Pacquiao loss stuns nation still reeling from ‘Pablo’


Referee Kenny Bayless, left, calls the fight as Juan Manuel Marquez, from Mexico, right, rushes from his corner after knocking out Manny Pacquiao, from the Philippines, left, in the sixth inning of their WBO world welterweight fight Saturday, Dec. 8, 2012, in Las Vegas. The punch that knocked out Pacquiao also silenced his nation still reeling from the wrath of typhoon “Pablo.” AP PHOTO/ERIC JAMISON

MANILA, Philippines—The punch that knocked out Manny Pacquiao also silenced a nation still reeling from the wrath of typhoon “Pablo.”

People strode out of cinemas at the Eastwood Mall in Libis, Quezon City, with somber expressions on their faces as if coming out from a sad movie. Before joining what seemed like a funeral procession, the crowd stayed for some 30 minutes after the momentous 6th round in which the national champ was knocked out by an old foe. Unable to accept defeat, they sat stoically while waiting for word from Pacquiao himself.

It came too soon, unexpected, a group from Laguna told the Philippine Daily Inquirer.

“What happened?” said one, apparently trying to exact an answer from an older member of the group.

After Pacquiao regained consciousness, the crowd heaved a sigh of relief. Only after cameras panned out of Pacquiao did they slowly move out of their seats.

The only consolation was seeing their idol valiantly stand up from the canvass after what seemed like eternity of waiting.

“It’s bound to happen sooner than later,” was all Aaron Estoque, a visiting Filipino worker in Guam, could say. Estoque watched with his mother in Greenbelt 3, Makati.

A pall of gloom also descended on people outside the cinemas as soon as the bad news spread, with storekeepers, fastfood crews and a few shoppers talking in a hushed tone of the bout that arguably ended Pacquiao’s aura of invincibility.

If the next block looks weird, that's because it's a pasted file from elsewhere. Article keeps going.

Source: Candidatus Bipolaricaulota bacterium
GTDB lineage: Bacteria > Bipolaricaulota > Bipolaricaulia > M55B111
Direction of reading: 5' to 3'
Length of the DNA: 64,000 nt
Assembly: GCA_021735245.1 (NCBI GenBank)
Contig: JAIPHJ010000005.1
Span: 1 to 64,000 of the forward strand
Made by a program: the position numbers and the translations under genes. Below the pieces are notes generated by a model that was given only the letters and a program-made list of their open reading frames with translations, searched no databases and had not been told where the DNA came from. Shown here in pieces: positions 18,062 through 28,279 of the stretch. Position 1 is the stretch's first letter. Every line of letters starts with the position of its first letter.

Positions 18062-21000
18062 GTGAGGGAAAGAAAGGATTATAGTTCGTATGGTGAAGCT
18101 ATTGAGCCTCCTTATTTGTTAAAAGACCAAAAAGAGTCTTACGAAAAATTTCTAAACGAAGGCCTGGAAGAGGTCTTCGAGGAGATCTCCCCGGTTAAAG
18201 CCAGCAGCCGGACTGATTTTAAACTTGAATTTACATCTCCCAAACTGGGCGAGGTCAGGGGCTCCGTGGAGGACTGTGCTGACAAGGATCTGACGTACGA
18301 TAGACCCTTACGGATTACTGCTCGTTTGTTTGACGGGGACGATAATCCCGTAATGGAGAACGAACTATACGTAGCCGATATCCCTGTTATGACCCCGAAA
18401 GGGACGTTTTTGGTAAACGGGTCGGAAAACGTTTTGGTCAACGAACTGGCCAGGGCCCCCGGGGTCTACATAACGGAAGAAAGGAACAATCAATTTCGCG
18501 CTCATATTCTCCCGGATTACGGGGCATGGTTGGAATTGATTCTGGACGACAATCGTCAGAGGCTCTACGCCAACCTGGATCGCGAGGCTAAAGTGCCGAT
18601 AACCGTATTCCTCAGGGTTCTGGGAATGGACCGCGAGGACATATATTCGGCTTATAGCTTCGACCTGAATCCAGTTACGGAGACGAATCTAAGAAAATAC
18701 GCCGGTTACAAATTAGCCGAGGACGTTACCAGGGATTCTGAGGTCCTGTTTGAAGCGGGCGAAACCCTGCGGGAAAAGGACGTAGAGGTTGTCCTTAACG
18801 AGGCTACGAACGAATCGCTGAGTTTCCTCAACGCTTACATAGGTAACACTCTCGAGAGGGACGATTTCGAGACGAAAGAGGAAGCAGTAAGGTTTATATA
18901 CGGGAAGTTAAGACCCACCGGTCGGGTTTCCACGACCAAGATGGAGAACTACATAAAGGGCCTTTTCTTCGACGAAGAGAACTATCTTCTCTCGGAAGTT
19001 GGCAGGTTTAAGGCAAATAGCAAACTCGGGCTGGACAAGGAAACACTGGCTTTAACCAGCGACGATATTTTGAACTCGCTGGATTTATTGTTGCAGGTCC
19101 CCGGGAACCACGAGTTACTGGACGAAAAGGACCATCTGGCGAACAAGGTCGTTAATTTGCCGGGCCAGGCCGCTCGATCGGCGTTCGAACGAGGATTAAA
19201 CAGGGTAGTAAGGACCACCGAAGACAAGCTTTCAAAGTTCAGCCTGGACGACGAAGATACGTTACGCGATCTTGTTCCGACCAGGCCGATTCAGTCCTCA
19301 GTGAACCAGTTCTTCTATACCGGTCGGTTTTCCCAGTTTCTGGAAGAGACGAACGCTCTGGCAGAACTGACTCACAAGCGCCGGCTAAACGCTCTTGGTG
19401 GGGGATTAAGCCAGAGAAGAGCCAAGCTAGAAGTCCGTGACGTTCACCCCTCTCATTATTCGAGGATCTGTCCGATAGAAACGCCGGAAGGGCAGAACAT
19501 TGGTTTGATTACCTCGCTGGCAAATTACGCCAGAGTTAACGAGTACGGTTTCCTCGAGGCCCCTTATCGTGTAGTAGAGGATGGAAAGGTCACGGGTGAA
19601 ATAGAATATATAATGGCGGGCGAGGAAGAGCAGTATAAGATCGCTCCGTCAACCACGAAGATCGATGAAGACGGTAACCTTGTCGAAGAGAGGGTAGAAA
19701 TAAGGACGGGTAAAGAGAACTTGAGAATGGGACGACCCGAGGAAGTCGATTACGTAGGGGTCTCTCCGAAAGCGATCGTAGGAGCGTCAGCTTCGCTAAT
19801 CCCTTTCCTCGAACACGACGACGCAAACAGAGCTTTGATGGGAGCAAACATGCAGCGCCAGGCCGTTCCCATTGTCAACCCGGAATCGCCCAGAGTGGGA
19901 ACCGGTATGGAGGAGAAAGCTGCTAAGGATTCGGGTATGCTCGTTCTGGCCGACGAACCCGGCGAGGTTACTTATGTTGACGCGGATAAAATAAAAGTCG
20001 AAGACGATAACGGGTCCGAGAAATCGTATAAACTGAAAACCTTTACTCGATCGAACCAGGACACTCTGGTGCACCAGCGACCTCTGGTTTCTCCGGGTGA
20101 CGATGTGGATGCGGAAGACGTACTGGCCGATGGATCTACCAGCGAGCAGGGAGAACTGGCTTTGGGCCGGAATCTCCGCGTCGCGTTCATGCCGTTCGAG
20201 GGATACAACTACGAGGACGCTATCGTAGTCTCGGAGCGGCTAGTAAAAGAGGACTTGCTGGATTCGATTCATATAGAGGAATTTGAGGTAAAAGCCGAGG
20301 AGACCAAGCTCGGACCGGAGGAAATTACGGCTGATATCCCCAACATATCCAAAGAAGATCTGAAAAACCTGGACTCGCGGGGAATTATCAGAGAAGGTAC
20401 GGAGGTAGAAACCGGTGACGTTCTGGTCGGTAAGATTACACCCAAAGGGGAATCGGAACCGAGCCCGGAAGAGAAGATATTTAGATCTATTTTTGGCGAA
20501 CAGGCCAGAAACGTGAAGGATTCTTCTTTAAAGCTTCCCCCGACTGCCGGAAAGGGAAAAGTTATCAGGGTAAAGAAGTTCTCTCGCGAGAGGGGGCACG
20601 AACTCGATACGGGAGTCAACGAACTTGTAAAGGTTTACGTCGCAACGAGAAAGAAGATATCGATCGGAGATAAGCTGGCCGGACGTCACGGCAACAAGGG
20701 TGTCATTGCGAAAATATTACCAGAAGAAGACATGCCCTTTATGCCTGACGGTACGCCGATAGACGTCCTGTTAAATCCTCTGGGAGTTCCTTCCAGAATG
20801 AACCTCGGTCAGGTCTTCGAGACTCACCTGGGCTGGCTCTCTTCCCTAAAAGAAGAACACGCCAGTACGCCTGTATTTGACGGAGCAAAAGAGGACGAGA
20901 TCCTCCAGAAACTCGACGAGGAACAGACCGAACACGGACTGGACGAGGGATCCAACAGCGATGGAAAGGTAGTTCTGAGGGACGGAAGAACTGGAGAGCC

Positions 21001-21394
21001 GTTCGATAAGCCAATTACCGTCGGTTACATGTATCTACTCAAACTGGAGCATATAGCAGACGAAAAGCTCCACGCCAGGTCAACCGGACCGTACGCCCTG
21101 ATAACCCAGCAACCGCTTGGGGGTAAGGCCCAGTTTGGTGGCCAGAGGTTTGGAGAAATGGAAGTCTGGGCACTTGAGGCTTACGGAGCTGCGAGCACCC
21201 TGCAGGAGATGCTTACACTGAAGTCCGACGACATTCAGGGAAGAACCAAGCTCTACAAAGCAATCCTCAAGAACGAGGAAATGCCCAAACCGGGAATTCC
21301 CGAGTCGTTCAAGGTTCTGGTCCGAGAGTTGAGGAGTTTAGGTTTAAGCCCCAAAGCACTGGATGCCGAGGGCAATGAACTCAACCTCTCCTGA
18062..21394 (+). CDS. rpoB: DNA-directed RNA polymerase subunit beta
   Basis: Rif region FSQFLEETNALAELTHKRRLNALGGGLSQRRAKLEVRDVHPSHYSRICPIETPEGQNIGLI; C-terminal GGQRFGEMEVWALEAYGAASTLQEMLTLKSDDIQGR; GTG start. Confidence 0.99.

“We just wasted P700,” said a fast-food crew, when told that the bout abruptly came to an end with devastating result for the national champ.

A stunned Senator Francis Pangilinan said: “Masakit (It’s painful).”

“Yes. This is a painful defeat felt throughout the nation. Manny is still and will always be our nation’s greatest boxing champion. This painful defeat does not lessen in anyway what he has achieved as a boxer, as a Filipino and as a human being. We will always hold him in highest esteem,” said Pangilinan in a text message.

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  • indiosbravos2002

    Reklamo rin ni Roach dati yong ang daming bangaw sa paligid pag nagtetrainng si Pacquiao. Nawawala focus ni Pacmsn. Ngayon nadagdagan pa ng nagpprayover at nagbibible study.

  • Edgardo Mendoza


    • indiosbravos2002

      Sa born again na sya nagpapadasal. Yong mga pastor nga dala dala pa pamilya. All expense paid (plane tickets, food and accomodation) ni Pacquiao. Kapalmuks naman. Baka nanghingi pa ng ikapu kahit talo na.

  • bugoybanggers

    Balik na sa dati ang PILIPINAS. Hintay mo na tayo ng 20 yrs at may sisibol na naman na mashigit pa kay PASTOR Money Pakyaw. Okay atleast napasaya niya ang mga PILIPINO at nai angat natin ang dangal at karangalan ng 8 taon. Sige Pastor Money Pakyaw, matulog ka na, marami kasing hindi makatulog dahil pumusta sa iyo.. TALO! Inang ku po, wala ng pang ulam, ni pang pulutan nga ipinusta pa. Sige, mga kababayan, sa FOOTBALL naman tayo! Larga na! Go AZKALS GO!

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